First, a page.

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Britain threatens Russia with new sanctions against poisoning of double agent

Boris Johnson

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The UK may introduce new sanctions against Russia if it proves to be involved in the alleged poisoning of former Russian double agent Sergei Skripal, revealed the British Foreign Minister Boris Johnson. This happened after the 66-year-old former colonel of the Russian Intelligence Agency and his daughter Julia were found slumped unconscious on a bench in Salisbury on Sunday afternoon.
The two were urgently taken to hospital and in critical condition. They are supposed to have had contact with an unknown poisonous substance. According to unconfirmed information it is fentanyl. Two police officers were also hospitalized after they went to the scene of the incident.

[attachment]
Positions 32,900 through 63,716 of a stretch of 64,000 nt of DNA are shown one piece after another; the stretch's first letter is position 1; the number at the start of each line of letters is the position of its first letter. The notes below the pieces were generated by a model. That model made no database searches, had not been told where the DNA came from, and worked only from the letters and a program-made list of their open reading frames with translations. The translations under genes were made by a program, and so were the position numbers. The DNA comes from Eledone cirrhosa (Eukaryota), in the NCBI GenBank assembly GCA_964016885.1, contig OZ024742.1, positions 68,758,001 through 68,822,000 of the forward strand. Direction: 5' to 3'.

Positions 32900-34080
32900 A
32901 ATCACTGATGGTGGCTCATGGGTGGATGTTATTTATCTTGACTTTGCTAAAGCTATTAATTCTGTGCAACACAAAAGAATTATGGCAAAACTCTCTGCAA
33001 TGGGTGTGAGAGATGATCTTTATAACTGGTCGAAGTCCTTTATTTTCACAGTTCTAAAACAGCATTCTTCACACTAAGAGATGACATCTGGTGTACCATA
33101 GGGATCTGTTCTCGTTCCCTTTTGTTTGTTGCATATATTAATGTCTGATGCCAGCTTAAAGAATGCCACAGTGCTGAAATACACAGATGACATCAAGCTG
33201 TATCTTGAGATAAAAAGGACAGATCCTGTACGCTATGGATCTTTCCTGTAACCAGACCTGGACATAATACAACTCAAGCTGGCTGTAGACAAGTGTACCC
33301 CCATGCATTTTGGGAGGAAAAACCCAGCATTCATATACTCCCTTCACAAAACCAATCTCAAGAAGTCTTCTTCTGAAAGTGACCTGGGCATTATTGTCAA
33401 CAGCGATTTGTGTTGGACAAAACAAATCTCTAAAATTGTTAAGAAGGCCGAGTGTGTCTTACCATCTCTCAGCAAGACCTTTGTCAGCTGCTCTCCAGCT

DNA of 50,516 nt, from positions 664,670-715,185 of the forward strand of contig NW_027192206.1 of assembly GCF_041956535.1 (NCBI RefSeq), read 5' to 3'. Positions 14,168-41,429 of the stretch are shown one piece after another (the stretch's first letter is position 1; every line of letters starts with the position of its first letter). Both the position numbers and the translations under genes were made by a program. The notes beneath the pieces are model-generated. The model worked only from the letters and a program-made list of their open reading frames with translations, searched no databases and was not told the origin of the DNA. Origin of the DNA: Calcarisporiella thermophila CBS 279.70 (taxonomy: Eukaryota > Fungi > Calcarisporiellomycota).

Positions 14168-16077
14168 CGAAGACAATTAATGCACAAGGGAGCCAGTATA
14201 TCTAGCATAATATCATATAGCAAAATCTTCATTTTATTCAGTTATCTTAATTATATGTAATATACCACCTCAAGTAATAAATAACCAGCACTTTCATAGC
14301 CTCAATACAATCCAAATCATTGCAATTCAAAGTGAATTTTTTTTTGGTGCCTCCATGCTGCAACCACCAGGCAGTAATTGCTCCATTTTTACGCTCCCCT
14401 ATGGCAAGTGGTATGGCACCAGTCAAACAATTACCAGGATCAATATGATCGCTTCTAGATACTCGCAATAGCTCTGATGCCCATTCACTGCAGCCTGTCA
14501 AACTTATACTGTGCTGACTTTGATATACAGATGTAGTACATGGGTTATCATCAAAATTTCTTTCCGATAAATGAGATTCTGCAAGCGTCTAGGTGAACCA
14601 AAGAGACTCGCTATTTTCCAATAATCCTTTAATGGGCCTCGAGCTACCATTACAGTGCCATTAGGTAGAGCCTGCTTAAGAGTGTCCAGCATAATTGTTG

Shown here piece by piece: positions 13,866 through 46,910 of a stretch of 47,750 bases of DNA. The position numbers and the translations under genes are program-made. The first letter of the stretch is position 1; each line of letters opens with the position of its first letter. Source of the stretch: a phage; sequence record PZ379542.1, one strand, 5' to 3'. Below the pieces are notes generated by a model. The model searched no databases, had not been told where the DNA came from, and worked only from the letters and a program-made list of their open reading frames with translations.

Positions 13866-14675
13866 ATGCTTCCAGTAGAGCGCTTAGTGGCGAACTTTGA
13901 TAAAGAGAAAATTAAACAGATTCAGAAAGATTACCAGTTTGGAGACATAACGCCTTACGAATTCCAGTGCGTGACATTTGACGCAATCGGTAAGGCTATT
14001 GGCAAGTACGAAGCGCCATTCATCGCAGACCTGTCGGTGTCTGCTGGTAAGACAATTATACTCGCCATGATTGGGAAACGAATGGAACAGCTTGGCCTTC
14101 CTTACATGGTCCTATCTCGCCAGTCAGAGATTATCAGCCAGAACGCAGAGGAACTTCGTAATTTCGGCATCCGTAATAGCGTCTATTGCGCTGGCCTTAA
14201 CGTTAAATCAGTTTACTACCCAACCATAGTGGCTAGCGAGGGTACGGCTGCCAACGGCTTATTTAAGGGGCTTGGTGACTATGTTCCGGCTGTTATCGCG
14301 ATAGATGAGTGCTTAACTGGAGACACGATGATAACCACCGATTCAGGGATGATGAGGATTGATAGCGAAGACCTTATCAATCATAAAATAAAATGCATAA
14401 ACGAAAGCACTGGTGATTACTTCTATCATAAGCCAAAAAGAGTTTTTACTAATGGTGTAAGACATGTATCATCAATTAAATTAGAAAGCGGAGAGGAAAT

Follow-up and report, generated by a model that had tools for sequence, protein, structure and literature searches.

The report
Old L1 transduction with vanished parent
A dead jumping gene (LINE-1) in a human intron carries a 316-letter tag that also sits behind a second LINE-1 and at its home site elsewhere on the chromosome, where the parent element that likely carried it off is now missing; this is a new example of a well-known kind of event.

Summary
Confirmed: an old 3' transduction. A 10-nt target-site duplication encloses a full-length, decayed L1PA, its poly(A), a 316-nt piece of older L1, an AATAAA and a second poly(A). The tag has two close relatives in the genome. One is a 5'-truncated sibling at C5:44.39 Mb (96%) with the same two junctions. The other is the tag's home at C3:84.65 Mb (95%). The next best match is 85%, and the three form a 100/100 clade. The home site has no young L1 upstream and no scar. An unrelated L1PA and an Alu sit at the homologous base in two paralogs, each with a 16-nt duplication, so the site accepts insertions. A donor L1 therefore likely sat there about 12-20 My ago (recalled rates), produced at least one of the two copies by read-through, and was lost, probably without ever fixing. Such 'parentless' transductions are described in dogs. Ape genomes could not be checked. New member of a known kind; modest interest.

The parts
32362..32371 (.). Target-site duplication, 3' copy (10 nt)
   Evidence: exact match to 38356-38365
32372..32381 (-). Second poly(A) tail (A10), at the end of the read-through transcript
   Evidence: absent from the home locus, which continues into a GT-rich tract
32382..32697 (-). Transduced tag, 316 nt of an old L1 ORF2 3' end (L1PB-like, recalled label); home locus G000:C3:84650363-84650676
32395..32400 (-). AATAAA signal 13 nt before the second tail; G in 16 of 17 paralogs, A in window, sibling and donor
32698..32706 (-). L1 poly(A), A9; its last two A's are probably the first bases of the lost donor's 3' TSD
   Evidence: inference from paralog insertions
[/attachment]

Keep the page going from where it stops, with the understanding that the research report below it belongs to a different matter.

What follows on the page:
The Metropolitan police said that due to the “unusual circumstances” its counter-terrorism unit would now be heading the investigation. The police presence in Salisbury was stepped up on Tuesday, as specialist officers appeared around a police cordon.
Russia announced yesterday that it had no information about the former Russian double agent and described it as a “tragic incident”. Speaker of President Dmitry Peskov said the Russian authorities have no information what the reason could be.
“Nevertheless, we don’t have any information on what could have caused it and what this person was doing”, said Peskov. “We are always open for cooperation”, added he.
When asked to respond to British media speculation that Russia had poisoned the ex-spy, Peskov said: “It didn’t take them long”.
Scripal was convicted in 2006 of 13 years in prison for espionage in favor of the UK, where he later received asylum, and in 2010 was part of the spies exchange between the United States and Russia. Then Moscow exchanged 4 double agents against 10 captured Russian spies operating in America.
The case of Scripal’s poisoning caused parallels with the poisoning and death of former Russian spy Alexander Litvinenko in London with radioactive polonium in 2006.